high cascades 100 NUE OBRA mudslinger events

At the front–briefly, OregonVelo

With just one weekend left before our big move to Wenatchee, I still had a little unfinished business left in Oregon. This would be my third try at the High Cascades 100 and I had good training and high hopes for the race.

Things got underway at the ridiculously early 5:30AM start from Bend. As we pedaled up Century Drive I felt decent despite the unreasonable hour and was happy that the temperature wasn’t near freezing like the other two times I’ve done this event. The pace was mellow even as we hit the dirt and I had little trouble staying at the front.

Barry Wick-nasty (Kona) led me into the single track as we paid homage to the late Steve Larson and seemed to be a little slow through the sweeping turns. Then he was really late and washing out the front end! I eased up and expected him to save it only to watch his wheel hook up and launch him over the high side. As I steered clear, Barry immediately clutched his shoulder and I soft pedaled until we reached the Funner/Storm King intersection in case he was able to get back on.

Apparently WickNasty’s day was over with a broken collarbone so we pressed on and I led into the first aid station. I brought two of my teammates along for support yet neither of them were there with my bottle. Instead I took a neutral bottle and pressed on still feeling well.

However, as we trundled up the long gradual climb to the second aid station I started to feel my energy levels dwindle. This was strange for me especially just over an hour into a race. I reached for the bottle and discovered it was just stale water. I kept moving yet I was beginning to feel more lethargic by the moment. I also felt like the energy drink I had consumed earlier had passed directly into my bladder so I made a stop to water some trailside bushes.

Corey Wallace (Kona) caught up and I allowed him to pass just as we began the descent into Swamp aid station. I discovered this was another mistake as his pace on the downhill was far slower than I intended to ride. I got a proper bottle there and made my way back to the front as we continued downward toward Tumalo. I dropped Corey and gained a couple minutes but promptly lost all of that as we began the long climb back up to Mt Bachelor.

I stopped for a bottle refill at the third aid station and Corey passed me for good shortly thereafter. The fluids still seemed to be draining right through my radiator despite the warm temperatures and dry air. I didn’t even feel like I could push the pedals hard enough to break a sweat but soon I had to stop for another nature break and my old buddy Sean Babcock (S&M) came into sight.
I managed to stay ahead of Sean throughout the climb up to Dutchman despite feeling like I was barely going forward. Then as we dropped down into the aid station I slowly began to feel my energy levels return. Like a spark touching tinder, my metabolism picked up momentum. Leery of pushing too hard, I proceed carefully down toward Lava Lake only pressing on the descents.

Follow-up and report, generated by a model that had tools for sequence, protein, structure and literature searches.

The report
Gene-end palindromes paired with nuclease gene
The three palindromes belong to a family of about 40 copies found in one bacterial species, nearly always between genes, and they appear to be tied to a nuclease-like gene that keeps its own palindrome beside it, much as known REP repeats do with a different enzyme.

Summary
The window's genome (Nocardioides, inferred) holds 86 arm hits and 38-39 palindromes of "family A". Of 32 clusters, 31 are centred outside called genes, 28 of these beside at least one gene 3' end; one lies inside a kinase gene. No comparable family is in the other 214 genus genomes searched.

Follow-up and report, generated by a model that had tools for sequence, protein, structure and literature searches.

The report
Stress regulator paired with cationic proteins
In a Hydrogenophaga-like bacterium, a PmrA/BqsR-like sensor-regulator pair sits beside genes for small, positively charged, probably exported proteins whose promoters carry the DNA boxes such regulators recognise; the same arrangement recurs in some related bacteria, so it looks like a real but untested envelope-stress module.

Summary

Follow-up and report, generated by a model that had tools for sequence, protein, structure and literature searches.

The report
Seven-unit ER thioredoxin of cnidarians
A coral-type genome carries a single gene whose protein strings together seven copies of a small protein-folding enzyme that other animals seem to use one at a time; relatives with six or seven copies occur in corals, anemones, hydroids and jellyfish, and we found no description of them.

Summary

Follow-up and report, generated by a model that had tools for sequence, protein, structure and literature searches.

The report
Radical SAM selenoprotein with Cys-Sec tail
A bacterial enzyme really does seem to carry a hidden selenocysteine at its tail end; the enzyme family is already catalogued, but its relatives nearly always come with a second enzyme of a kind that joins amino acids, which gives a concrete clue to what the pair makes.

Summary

By the time I passed the lakes I was going well and the three hours of dead legs seemed only a memory. I quickly caught and passed Cary Smith (Team CF) just a couple miles past the spot I caught him last year. On the ensuing descent I rode sensibly feeling confident that I would be in third place soon. Sure enough I began to pick up dust lingering in the air indicating that I was just seconds behind a higher podium spot.

Then disaster struck as I clipped what appeared to be a small stick hidden under the brush. Instead it was just the tip of a two-foot, two-inch diameter monster that managed to flip into the back of my fork just above the front tire. It took about one millisecond to jam the spinning wheel and I was instantly hurled over the bars. Luckily for me there was no snapping bone and I was able to avoid my bike as it cart-wheeled by me.

I spun the front wheel expecting my totally awesome Industry 9 Trail to be bent. Fortunately it was straight as new but as I remounted my right foot slipped off the pedal. Looking down all hope of victory was lost as I discovered that my pedal body was completely gone and only the shaft remained!

Knowing I was only minutes from the next aid stop, I rode on still feeling good but unable to press due to the tiny slippery shaft I had to pedal with. In this area there are countless lava flows crossing the trail and as I faced the next one I awkwardly hurled my bike over it using momentum rather than finesse to carry the obstacle. This was my final mistake of the day: as my rear wheel plowed into the sharp rocks one of them tore through the sidewall of my up-until-now impenetrable Kenda SCT tire.

I gamely swapped the tube only to discover that it wouldn’t hold air. At the time I thought it may have been damaged in my saddle bag but later I found that the tire had multiple thorns in it. Fortunately a kind fellow handed me another tube and this time it held air well enough to make to the Edison aid station. I stopped again there to top off the tire with air and another bottle.

Cary had passed me back during the double tube change and I never saw him again despite gaining time over the last 25 miles of the race. In the end, I had no trouble holding onto fifth place but was left to ponder what could have been that day. I still have no explanation for my lack of energy during the early morning hours other than it being some symptom of the thyroid problems I’ve had this year.

The stick/pedal/flat tire episode was simply mountain bike racing and I have done well to avoid this sort of drama for a long time. All said, this was about the best I’ve ever felt at the end of a Hundy so maybe its time to be over those too…

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